ALBUQUERQUE, N.M. (KRQE) – A New Mexico congresswoman is working to secure millions of dollars of federal funding to help a wide range of projects in the state. They range from public safety, to helping the homeless, education, and helping feed the hungry.

Congresswoman Melanie Stansbury narrowed down the list of applicants from 200 projects to 15. Now, she’s asking they be included in the 2023 appropriations bill. If approved, these organizations could be looking at an influx of around $23M.

“In 2019, we had about 200 families we were serving a month. Over the course of COVID, we’ve increased to over 650 families a month. And actually, this past May was our biggest month that we’ve had,” says David Smith, president of the East Mountain Food Pantry. The pantry is just one of the organizations submitted for funding.

If passed—and selected—the pantry would stand to gain $875,000 dollars; money Smith says would be crucial to expanding their operation. “Right now we’re in a strip mall and we’re kind of limited in the number of people we can serve and we’re hoping that being able to build a purpose-built building that will be able to serve more people with the volunteers that we currently have,” Smith says. He guesses this expansion would help them serve around 1300 families—an important undertaking in an area where Smith says 25 percent of the population is at the poverty level and are food insecure. This is just one of more than a dozen projects Representative Stansbury is fighting for to be included in the upcoming budget. “We know that with the projects that we’ve put forward that we’ll be addressing public safety, we’ll be addressing health care, behavioral health, and all of these incredibly important needs in our communities,” Stansbury says.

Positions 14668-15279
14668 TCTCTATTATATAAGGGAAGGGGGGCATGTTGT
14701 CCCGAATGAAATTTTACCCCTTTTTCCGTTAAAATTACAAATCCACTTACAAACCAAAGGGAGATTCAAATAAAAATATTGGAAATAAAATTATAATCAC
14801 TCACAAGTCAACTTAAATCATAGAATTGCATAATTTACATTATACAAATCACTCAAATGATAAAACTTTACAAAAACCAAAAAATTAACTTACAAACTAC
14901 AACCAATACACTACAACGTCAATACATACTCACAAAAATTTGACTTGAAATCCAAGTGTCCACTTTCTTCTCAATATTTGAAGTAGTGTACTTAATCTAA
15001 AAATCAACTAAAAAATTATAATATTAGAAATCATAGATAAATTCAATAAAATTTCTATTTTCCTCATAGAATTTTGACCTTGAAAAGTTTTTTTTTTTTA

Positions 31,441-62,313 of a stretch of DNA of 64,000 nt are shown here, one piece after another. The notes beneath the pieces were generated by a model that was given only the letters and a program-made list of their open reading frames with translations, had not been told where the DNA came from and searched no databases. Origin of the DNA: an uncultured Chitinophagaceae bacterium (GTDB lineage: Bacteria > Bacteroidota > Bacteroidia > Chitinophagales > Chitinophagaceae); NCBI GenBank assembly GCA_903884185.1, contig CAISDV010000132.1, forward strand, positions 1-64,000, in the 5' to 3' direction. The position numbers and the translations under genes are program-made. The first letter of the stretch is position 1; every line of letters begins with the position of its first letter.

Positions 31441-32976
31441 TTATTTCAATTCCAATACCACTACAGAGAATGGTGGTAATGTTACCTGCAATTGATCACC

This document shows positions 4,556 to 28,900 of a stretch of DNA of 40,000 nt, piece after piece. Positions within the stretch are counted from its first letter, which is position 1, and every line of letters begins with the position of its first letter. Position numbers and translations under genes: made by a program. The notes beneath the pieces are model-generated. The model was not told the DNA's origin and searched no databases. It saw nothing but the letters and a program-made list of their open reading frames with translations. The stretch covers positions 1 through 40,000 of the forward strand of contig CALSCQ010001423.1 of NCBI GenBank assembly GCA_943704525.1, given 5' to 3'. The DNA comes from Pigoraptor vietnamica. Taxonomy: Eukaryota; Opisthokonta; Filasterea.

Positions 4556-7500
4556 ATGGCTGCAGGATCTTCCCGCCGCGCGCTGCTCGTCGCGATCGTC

Other projects on the list include funding for the Albuquerque Adult Learning Center, Albuquerque Healthcare for the Homeless, Albuquerque Homeless Youth Center Construction, the Albuquerque Sobering Center, Albuquerque Veterans Transitional Housing Campus, equipment to fentanyl off the streets, the Mobile Crisis Team, and many others.

“I think all of us can agree, that crime and public safety is amongst the biggest needs and so we really prioritized public safety,” Stansbury says.

“The need continues, even now that the COVID is pretty much over, the need still continues to grow,” Smith says. While there are 15 projects currently on the list, it doesn’t mean each one will win funding. The House Appropriations Committee will weigh the requests, and make the final decision. The process will likely take months, with the earliest final consideration of bills projected to take place in late fall.